In legacy bios systems, the bios looks up the Master Boot Record (MBR) of the disk it is set to boot. This is the first 512 bytes of the disk and contains the first stage of the bootloader process, this will be grub in your case. The sole job of this stage is to locate and load the second stage normally on the drive that contains /boot. The MBR has these paths hardcoded into it and in order to change them you must reinstall the MBR from the system (or chroot of the system) you want it to point to using
grub-install. If you can boot the system then this is trivial, but if you cannot then you must use a livecd and chroot into your system; see the instructions here on how to do that.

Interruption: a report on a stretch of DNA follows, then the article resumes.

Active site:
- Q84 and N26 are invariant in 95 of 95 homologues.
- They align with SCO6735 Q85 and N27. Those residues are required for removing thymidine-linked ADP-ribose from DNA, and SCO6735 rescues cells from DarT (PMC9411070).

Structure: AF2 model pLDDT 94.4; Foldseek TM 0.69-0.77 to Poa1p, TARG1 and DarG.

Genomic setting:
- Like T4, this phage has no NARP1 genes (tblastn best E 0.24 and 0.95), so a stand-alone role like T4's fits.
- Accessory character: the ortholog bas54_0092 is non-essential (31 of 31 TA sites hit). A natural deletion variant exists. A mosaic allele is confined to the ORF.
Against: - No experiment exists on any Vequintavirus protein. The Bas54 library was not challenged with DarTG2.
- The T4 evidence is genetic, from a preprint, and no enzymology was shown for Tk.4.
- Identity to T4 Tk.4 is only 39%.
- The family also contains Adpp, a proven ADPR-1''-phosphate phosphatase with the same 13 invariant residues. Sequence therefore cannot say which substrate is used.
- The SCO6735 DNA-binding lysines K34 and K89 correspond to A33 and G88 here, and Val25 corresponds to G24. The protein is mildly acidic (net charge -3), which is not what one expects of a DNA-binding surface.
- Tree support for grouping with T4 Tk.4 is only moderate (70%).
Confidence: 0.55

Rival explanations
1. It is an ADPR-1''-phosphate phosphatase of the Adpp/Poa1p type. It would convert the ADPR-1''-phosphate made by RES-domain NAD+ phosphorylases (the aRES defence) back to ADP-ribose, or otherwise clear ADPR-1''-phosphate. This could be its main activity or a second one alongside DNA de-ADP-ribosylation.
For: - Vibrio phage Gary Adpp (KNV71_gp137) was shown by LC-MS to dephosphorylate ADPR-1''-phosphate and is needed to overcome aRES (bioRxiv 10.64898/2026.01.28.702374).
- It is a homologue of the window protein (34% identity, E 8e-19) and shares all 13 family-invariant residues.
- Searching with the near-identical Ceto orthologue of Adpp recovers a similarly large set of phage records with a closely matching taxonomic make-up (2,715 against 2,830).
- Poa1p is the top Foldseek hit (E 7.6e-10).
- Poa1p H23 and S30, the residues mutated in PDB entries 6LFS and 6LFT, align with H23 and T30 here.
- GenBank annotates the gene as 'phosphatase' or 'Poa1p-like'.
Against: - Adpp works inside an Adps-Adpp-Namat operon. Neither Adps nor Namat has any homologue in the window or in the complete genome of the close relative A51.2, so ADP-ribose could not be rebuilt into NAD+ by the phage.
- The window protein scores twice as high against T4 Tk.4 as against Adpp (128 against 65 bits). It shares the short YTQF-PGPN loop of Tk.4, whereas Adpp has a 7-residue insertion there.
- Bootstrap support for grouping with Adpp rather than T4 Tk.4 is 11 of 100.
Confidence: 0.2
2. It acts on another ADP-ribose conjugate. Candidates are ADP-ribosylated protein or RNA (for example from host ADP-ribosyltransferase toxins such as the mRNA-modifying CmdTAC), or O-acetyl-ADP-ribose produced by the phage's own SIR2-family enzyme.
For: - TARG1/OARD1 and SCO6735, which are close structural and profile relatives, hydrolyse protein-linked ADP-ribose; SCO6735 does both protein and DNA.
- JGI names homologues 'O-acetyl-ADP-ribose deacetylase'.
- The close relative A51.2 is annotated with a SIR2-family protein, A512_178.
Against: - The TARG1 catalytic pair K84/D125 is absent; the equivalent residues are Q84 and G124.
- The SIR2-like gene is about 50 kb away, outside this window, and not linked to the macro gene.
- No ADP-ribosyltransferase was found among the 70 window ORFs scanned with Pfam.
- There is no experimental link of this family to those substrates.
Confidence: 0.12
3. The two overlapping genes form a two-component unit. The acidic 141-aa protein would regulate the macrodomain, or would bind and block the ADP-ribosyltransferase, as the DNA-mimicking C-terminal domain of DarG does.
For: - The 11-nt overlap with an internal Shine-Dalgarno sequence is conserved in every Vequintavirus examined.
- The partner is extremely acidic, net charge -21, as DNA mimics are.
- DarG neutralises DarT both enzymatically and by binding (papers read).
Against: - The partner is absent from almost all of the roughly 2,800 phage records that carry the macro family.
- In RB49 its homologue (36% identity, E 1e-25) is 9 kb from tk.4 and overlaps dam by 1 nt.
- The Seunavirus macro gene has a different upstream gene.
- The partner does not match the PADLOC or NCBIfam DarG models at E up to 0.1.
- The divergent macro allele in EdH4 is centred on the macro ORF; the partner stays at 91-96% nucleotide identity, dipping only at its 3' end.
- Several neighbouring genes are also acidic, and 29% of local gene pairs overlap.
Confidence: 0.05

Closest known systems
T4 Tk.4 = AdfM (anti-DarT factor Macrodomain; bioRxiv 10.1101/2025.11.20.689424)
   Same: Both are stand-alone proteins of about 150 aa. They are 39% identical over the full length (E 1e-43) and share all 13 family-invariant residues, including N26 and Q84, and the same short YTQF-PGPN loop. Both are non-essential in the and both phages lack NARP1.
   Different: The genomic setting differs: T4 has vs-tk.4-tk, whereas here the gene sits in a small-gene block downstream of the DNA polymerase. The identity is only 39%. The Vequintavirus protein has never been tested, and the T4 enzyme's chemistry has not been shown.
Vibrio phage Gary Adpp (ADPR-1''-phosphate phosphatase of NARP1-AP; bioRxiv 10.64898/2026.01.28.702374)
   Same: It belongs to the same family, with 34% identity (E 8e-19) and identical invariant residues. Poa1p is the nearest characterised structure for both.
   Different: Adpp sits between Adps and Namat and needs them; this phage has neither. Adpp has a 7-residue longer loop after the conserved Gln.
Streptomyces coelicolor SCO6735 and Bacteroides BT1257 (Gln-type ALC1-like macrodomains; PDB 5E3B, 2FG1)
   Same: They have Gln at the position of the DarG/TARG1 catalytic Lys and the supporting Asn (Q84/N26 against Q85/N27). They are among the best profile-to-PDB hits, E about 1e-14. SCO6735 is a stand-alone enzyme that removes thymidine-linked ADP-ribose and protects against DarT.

However, in your case the antergos grub config will not have the ubuntu distro in it so you will lose the ability to boot that until you add it. You can also configure the ubuntu grub config to boot antergos by default if this is your intended goal. Either approach is acceptable and depends on what you want to achieve.